The case for substantive stakeholder and multiagency engagement in planning and decision making is well documented, as are the limits such
involvement can place on expeditious decision making. Therefore, the focus of the engagement needs to be carefully considered. The focus can be narrow. For example, the focus can be on a single user group such as the marine transportation sector, on a particular location (a region or a community), or on a single project such as a diversion at a specific location. Also, the focus may be on a single question, such as the effect of nutrient concentrations on marsh habitat, or the effect of increased flood insurance premiums on location and retreat decisions for households. Alternatively, the focus may be on the broadest scale—the system—and thus inclusive of multiple purposes, multiple locations, and multiple projects.
Because of the large spatial scale, complexity, and long time horizon for planning and implementation, there may be successive rounds of planning as new projects and policies are advanced for consideration. This progression of planning offers opportunities to engage stakeholders in collaborative exercises, such as joint fact finding. Environmental design charrettes (intensive 1-day methods for generating design alternatives) and studios are also used to involve stakeholders in scenario generation and analysis in ways that can creatively expand the range of choice (Delta Alliance, 2010; Deltares, 2011b). Ideally, projects and policies will be evaluated through a system analysis that draws on (1) a baseline assessment, (2) knowledge gained from previous investments and (3) is open to benefiting from local knowledge.
Beyond joint fact finding, effective stakeholder engagement and resolution of all sources of conflict entails system modeling that is transparent to all decision makers. As in the Dutch context, such models will be of coarse resolution but will draw upon models of finer spatial and temporal scales for construction. They will be simple but not simplistic, in that they facilitate choices about general project designs, locations, and operations, rather than day-to-day operations or design refinements. They will be empirical, but where there are significant uncertainties in data or in relationships among variables in the model, characterization of the uncertainty and how it affects the results would be necessary.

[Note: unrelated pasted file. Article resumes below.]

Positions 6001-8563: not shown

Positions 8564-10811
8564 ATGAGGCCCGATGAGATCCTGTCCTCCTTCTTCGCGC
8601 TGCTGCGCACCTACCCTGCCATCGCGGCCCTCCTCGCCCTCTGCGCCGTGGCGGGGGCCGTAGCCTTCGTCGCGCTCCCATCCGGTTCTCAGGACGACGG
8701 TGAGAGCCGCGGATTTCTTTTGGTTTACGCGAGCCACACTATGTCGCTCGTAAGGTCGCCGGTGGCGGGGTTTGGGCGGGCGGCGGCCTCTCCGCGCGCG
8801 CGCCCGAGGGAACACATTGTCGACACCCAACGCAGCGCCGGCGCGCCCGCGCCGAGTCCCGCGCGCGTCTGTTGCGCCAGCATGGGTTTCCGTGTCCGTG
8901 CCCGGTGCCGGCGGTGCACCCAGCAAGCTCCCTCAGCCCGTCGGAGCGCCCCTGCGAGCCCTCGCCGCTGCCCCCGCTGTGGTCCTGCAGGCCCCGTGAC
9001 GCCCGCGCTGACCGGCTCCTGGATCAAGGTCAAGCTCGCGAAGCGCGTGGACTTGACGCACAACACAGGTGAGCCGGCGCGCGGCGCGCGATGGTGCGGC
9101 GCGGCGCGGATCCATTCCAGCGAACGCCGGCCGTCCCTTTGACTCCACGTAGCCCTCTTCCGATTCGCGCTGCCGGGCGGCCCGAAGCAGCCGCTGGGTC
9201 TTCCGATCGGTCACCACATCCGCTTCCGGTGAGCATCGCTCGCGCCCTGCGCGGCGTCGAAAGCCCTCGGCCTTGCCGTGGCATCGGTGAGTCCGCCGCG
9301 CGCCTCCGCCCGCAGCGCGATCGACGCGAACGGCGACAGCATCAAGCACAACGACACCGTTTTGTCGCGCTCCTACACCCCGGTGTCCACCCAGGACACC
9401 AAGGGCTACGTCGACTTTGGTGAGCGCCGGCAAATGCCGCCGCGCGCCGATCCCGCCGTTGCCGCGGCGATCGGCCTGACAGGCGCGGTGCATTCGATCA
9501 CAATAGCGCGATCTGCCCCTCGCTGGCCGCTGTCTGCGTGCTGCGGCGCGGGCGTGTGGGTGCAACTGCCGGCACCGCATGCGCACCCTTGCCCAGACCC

Advanced analytic methods could help illustrate and analyze trade-offs among various water and related environmental uses. In turn, water users and decision makers may be able to use this information to promote better integration across related water sectors.
• The Water Institute would have an excellent opportunity to promote, and lead, more advanced scientific stakeholder engagement in joint fact finding and modeling processes. A strong contribution to research on negotiation and collaborative modeling would entail some level of commitment by the Water Institute to develop the
required professional skills to create and lead collaborative modeling procedures.
Citizen Science with Innovations in Information and Communications Technology